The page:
Diabetes mellitus develops due to inadequate synthesis and / or secretion of antidiuretic hormone (central form), or the inability of the kidneys to respond adequately to circulating vasopressin (renal form).
In endocrinological practice, diabetes insipidus of central origin is one of the main causes of polyuria .
Central (hypothalamic, neurogenic, vasopressin-sensitive), diabetes insipidus develops the pathology structure vasopressin gene, in the case of surgical injury vasopressin neurons in congenital anatomical defects of the hypothalamus or pituitary tumors, infiltrative, autoimmune and infectious diseases that damage neurons vasopressin or fiber tracts with increased vasopressin metabolism. In approximately 10% of cases of central non-sugar diabetes in children, the etiology of the disease is unclear.
Familial autosomal dominant central diabetes insipidus manifests during the first half of the first decade of a child’s life (1-6 years). Initially normal, vasopressin secretion gradually decreases with age, with the subsequent development of diabetes insipidus (Pedersen ea, 1985). Patients respond adequately to vasopressin replacement therapy. The disease has a high penetrance, but its expression may vary in the same family, and perhaps spontaneous improvement in the average age of e g eneticheskim disease locus is a gene-arginine vaso-Pressigny (A \ / P) -neyrofizin II (NPII), ka rtirovanny on chromosome 20r13 . This gene produces a pre-pro-precursor protein (prepressofizin), synthesized on ribosomes and contains a signal peptide and 9-amino acid AVP-peptide (encoded by exon 1), AUR-binding protein neurophysin II, NPII (partially encoded in each of the exons 1, 2 and 3), and copertin, vasopressin-glycopeptide, VGP with no proven function .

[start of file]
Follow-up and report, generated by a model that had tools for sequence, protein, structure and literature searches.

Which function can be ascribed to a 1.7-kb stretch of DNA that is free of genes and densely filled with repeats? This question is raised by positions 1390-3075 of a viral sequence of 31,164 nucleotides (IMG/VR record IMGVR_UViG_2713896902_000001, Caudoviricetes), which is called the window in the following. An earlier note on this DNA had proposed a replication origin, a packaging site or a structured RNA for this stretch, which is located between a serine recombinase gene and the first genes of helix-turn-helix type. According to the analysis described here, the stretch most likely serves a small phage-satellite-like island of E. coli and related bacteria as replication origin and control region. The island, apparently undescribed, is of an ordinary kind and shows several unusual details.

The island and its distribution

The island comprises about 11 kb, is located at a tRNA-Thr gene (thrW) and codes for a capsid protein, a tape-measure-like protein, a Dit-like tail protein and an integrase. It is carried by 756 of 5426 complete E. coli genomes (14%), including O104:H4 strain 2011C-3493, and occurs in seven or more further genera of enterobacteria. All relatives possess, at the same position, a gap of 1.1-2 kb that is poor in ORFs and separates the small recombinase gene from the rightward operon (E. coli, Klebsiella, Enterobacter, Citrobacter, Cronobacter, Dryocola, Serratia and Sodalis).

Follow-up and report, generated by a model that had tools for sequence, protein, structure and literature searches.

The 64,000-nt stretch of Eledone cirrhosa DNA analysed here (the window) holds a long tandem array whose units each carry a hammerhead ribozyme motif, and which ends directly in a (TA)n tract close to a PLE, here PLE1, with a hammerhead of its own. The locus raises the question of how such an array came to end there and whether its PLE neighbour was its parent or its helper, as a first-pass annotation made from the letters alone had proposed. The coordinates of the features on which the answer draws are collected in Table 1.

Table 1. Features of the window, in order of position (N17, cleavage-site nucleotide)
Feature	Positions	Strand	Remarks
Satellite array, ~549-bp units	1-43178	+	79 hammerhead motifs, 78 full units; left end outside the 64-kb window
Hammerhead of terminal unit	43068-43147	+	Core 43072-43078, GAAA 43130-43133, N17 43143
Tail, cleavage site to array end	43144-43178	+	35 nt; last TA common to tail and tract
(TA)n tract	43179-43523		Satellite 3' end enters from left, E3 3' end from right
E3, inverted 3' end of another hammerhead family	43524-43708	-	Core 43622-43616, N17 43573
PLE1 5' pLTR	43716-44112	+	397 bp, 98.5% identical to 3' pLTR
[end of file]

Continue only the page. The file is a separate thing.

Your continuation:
The precursor polypeptide is produced in the large-cell neurons of the supraoptic and paraventricular nuclei of the hypothalamus, where processing is initiated with the removal of the signal peptide and subsequent glycosylation and packaging of the propeptide. The packaging places the AVP precursor portion in a neurophysin M-binding pocket, which stimulates dimerization and promotes packaging in neurosecretory granules. The prohormone is enzymatically cleaved to three peptides – arginine-vasopressin, neurophysin and vasopressin-glycopeptide inside neurosecretory granules during axonal transport to the neuro-pituitary. These neurosecretory granules generate a high-intensity bright neurohypophysis bright spot on T1-weighted MRI images.
The familial form of the disease is due to mutations in the AVP-N gene. Mutations in this gene are found in both the pre-pro-AVP-NPM precursor signal peptide and NPII itself. Four mutations leading to a decrease in the activity of signal peptidases to remove the signal peptide from the precursor polypeptide are described in the signal peptide. Other mutations include a missense mutation in a sequence that encodes vasopressin and 12 missense mutations, 1 deletion and 5 nonsense mutations in a sequence that encodes NPII.
These data indicate the importance of neurophysin in the intracellular sorting and packaging of vasopressin into secretory granules. The product of a pathological gene can cause neuronal degeneration and cell death, explaining that the normal vasopressin allele cannot compensate for the pathological allele.
Vasopressin deficiency is also defined in hereditary DIDMOAD syndrome, including diabetes insipidus, diabetes mellitus, optic nerve atrophy, and deafness. The gene for this syndrome, also known as the Wolfram syndrome, is mapped on chromosome 4p.
Axons of vasopressin containing large-cell neurons descend into the posterior lobe of the pituitary, their length is about 10 mm. Trauma, accompanied by a fracture of the skull base, can cause swelling around these axons, leading to transient or persistent diabetes insipidus. About half of patients with fractures of the Turkish saddle acquire persistent diabetes insipidus, with a delayed onset of development 1 month after trauma, during which axon neurons undergo retrograde degeneration.